During September 2002, I spent a week on Maui. We stayed at the Maui Kaanapali Villas (recommended, especially room 263 which is clearly the nicest hotel room I've EVER been in). My hotel just happened to be across the street from a railway station at Puukolii road.
The Lahaina, Kaanapali & Pacific (aka The Sugar Cane Train) is a 3' narrow gauge tourist railway on the Hawaiian island of Maui. The equipment is all non-native, but the right of way is left over from a working sugar cane railway that shut down in 1953 when trucks took over the load. Eventually, the sugar mill itself was shut down and the remaing cane crop continued to be trucked to the last remaining mill about 20 miles away.
The line extends 5 miles from downtown Lahaina Towne north to the northern edge of the Kaanapali resort area. Stations are all adjacent to state highway 30 at Lahaina, the center of the Kaanapali area and at Puukolii road.
LK&P #3 began its existance as an H.K. Porter Company 38" gauge 0-4-0 saddletanker. For use on the LK&P, it was been converted to a tender engine sometime in the late 60's. In the process, it got converted to a 36" gauge 2-4-2 as well but there were problems with the trailing truck and it got converted again to a 2-4-0.
An identical engine was converted to LK&P #1. This one has been cosmetically converted to look like a Baldwin prototype. This prototype used to run on an Oahu cane railway. The Oahu engine was in turn the prototype for the original Bachmann 2-4-2 large scale model.
Both steamers burn reclaimed motor oil collected on Maui. The engines like it, its cheap, it burns fairly cleanly, and it gets rid of the used oil. Sounds like a deal to me.
#45 is a Plymouth diesel mechanical locomotive that is put into service occasionally. It did run while I was there. It has a unique peanut whistle that sounds much different than the steamers.
Once each round trip on the southbound leg the steamers take on water at the Kaanapali station. The water is processed by a reverse osmosis system in a building next to the tank.
At the Lahaina station, an 0-6-2 outside frame saddletanker rests on static display. This is primarily an eye catcher to attract potential riders that go by on highway 30 which runs right through town and immediately by the station.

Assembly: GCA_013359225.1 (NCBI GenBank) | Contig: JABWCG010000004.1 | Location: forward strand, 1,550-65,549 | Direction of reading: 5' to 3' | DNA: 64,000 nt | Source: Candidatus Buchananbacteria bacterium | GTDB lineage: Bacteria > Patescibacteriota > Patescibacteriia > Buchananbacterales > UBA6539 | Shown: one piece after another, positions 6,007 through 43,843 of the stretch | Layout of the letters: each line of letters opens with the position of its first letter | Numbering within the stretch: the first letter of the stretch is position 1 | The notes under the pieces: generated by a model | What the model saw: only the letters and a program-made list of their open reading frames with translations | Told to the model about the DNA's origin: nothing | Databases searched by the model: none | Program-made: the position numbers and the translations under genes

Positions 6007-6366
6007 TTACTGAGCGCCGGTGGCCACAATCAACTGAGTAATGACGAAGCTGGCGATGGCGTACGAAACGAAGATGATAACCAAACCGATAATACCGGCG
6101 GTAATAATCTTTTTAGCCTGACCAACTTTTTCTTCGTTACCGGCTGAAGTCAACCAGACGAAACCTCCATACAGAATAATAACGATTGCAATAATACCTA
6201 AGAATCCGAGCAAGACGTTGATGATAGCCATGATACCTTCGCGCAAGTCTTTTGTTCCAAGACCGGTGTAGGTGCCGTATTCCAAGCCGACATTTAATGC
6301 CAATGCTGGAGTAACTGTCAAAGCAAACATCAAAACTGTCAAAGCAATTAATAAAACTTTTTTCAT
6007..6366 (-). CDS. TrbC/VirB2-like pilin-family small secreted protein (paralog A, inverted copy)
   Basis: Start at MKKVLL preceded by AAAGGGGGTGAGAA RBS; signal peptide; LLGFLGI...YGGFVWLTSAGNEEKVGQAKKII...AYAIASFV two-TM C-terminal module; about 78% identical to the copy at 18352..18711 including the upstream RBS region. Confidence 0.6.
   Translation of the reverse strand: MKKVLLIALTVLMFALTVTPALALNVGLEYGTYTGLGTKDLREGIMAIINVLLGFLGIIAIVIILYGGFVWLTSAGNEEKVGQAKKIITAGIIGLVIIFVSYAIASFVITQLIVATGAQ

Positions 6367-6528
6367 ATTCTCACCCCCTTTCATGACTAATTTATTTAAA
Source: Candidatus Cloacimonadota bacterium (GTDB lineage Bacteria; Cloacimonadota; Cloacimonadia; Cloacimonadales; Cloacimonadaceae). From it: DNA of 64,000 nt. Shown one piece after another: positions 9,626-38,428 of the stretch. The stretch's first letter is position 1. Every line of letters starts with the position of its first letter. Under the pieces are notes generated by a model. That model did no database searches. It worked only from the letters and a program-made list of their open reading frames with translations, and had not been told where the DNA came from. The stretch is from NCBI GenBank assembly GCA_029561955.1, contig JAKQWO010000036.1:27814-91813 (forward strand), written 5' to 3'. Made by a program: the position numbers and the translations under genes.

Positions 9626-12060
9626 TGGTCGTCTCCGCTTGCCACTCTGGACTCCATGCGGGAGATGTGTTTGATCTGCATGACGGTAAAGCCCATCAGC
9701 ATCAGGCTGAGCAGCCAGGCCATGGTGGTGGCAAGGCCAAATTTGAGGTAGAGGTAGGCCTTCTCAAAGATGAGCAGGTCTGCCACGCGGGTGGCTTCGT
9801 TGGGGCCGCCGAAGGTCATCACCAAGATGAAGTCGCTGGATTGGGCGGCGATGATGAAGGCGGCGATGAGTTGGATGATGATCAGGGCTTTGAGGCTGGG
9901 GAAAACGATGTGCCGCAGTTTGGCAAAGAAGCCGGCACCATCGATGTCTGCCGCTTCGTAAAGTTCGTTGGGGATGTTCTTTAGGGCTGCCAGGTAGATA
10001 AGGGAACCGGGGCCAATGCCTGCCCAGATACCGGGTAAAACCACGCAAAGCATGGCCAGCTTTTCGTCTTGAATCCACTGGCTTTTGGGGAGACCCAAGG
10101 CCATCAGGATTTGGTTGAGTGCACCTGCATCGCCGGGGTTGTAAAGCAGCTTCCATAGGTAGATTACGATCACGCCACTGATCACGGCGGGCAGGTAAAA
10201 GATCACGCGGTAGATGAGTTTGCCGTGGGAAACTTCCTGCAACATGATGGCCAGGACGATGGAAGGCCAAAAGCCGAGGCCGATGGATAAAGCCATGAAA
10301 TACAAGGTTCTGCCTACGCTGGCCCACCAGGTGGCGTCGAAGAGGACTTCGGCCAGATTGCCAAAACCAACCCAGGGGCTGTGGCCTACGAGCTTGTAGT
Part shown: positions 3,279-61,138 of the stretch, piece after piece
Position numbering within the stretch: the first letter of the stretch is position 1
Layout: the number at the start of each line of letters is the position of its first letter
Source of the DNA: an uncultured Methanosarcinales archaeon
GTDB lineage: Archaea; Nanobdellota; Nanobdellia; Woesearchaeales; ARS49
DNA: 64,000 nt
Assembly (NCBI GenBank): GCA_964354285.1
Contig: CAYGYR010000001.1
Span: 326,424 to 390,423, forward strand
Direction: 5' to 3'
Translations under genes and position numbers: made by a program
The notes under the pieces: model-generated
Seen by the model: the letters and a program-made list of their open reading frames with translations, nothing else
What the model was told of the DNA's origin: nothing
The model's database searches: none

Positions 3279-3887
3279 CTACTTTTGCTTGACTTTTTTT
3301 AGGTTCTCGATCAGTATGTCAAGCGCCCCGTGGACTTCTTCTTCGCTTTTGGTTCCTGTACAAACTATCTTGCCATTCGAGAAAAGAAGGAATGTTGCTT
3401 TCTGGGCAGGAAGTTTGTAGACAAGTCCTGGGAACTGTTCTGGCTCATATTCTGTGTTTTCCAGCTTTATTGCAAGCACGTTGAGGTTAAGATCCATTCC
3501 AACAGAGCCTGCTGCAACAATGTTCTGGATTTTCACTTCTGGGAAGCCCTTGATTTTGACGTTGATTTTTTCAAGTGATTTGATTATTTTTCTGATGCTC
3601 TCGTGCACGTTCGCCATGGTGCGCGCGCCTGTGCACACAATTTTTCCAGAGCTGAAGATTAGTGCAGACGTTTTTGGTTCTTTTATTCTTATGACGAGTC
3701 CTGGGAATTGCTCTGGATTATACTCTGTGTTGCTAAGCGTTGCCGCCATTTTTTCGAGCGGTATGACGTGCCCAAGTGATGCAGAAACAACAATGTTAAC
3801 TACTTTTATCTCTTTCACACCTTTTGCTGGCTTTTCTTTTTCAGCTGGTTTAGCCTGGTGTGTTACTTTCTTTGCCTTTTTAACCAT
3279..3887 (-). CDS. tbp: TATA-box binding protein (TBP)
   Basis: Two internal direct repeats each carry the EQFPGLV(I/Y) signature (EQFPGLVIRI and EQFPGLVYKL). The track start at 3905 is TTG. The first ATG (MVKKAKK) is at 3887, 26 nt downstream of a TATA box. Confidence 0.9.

The coaches of the LK&P are custom made to resemble an English design. These cars, however, are made frome steel instead of wood and all the windows work. On the originals, only the windows in first class could be closed to keep out the rain. Each coach seats 56 passengers on flip over seats. On the return leg of my trip, the train was completely full. The railway has carried over 6 million passengers at about $15 for a round trip since it opened in about 1963. This makes it one of the most heavily used tourist railroad in the US.
Since these cars were custom made, even the chair castings are custom. The train ride is narrated. Once a week on Thursdays, the railroad runs a dinner train for about $60. Dinner is not served on the train, but at the Kaanapali station.
On some of the cars, even the journal box covers were especially cast for the railroad.
At the south end of the line at Lahaina Station, the engines are turned on this powered turntable. The engine then runs around the train and hooks up at the north end. At the north end of the line just beyond the Puukolii Station, there is a loop that encircles the engine house to allow the whole train to be turned.
Near the highest point on the line (about 80' above sea level) there is a 350' long trestle. This photo is a little blurred due to the rather heavy rain that was falling at the time. This was the northbound leg. On the southbound leg, the engineer opens up the blow cocks and blows out collected sludge.
The railroad runs through this wilderness area. Natives and visitors can be seen chasing little white balls around this tournment class 18 hole golf course.
The terrian in the background slopes up to the Halemahina Volcano (5788'). The top of this volcano gets something line 400" of rain a year although this side gets relatively little rain. The larger Haleakala (10,023') volcano makes up the southern part of Maui. It is so tall, that the top gets almost no rain. On the Hana cost on the southwest and south sides, there is a rain forest.
On the other side of of the the track lies the quaint village of Kaanapali complete with a slightly non-native form of visitor housing. The Kaanapali coast is a master planned resort region just stuffed with high class (expensive) hotels.
© 2002 George Schreyer
Created 3 Sept 2002
Last Updated September 3, 2002